Who is winning the economic development game?

2015-2016 are the best two years back-to-back in the 22-year history of the SB&D 100. . .

At a speaking engagement last spring in Martinsville, Va., respected Wells Fargo economist Mark Vitner focused on how poorly the global economy is performing. He did mention that the U.S. economy is in pretty good shape. Not remarkable growth, Vitner said, but steady growth despite the global downturn. 


Moody’s Investors Service agrees with Vitner on the shape of the world economy as a whole. A Moody’s press release in May stated that weak growth in emerging markets, “driven by low commodity prices and waning export demand,” will act as a drag on the global economy this year. Moody’s predicts that G20 emerging markets will grow by 4.2 percent this year compared to 4.4 percent in 2015. It also predicted that G20 advanced markets (like the U.S. and the EU) will grow at 1.7 percent this year compared to 1.9 percent in 2015.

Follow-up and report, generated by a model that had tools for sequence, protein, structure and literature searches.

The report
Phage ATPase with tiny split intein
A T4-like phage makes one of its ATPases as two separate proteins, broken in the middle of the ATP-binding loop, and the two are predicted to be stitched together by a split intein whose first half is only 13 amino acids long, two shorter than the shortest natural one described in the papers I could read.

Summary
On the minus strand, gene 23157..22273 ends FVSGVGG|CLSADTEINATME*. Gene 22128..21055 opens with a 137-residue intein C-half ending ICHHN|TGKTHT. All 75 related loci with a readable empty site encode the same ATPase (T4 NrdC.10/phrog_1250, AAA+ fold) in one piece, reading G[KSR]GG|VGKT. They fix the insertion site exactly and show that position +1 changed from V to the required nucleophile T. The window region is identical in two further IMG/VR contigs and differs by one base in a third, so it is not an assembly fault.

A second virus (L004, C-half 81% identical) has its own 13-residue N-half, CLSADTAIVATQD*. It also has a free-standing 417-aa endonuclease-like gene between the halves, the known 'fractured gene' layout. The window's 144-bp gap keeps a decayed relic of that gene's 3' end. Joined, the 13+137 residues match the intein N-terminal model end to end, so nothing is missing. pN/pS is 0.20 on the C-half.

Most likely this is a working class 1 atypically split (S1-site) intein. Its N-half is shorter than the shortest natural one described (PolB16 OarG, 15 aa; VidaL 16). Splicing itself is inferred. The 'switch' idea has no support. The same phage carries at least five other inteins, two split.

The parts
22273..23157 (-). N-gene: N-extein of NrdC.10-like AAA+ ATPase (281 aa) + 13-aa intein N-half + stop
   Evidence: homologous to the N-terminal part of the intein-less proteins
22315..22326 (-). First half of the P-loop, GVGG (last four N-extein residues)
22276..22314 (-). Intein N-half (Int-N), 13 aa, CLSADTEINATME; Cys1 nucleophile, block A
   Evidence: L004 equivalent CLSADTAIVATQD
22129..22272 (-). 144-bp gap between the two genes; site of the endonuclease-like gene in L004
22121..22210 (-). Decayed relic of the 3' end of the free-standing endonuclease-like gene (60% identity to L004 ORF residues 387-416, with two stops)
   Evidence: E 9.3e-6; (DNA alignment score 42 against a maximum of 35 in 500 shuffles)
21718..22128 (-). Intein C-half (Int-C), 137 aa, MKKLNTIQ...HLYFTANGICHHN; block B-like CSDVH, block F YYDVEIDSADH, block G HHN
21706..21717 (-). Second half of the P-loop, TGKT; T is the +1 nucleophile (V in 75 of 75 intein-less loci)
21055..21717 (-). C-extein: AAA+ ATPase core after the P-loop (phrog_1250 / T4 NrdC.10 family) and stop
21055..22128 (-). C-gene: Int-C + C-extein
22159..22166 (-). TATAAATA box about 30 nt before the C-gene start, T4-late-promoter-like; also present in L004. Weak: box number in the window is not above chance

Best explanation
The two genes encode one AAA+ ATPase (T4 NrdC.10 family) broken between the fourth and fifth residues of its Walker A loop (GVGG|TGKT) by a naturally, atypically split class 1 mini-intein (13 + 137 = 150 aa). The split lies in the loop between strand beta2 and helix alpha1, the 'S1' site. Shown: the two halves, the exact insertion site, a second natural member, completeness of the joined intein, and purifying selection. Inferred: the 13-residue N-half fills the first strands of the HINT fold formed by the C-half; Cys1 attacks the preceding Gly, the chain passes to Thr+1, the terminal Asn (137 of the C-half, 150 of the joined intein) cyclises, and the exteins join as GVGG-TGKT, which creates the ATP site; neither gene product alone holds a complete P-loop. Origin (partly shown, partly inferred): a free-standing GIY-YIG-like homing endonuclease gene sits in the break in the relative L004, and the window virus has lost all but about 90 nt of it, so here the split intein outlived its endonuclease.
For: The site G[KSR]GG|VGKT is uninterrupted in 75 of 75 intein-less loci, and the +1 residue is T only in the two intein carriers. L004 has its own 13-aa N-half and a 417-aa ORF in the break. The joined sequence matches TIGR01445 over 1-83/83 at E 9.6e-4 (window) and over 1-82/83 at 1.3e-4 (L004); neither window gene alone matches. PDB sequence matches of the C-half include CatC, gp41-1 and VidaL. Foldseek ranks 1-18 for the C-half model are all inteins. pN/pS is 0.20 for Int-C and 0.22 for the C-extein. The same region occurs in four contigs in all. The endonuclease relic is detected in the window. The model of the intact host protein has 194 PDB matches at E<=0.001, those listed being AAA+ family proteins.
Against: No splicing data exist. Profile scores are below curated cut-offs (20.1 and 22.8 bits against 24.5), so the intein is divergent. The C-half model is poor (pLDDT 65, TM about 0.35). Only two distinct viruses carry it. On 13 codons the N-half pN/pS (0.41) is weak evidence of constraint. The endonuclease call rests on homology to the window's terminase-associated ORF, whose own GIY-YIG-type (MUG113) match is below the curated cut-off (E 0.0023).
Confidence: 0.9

Growth at around 2 percent has been the norm in the U.S. since the recession ended. Growth of GDP or what I call Gross Regional Product (GRP) in the South is also around 2 percent, and that’s with the oil-producing states of Oklahoma and Texas not contributing at all. Those two state’s third quarter 2015 GDP grew at 0.1 percent. So, prior to the oil collapse, the South’s economy was growing faster than the nation’s as a whole.

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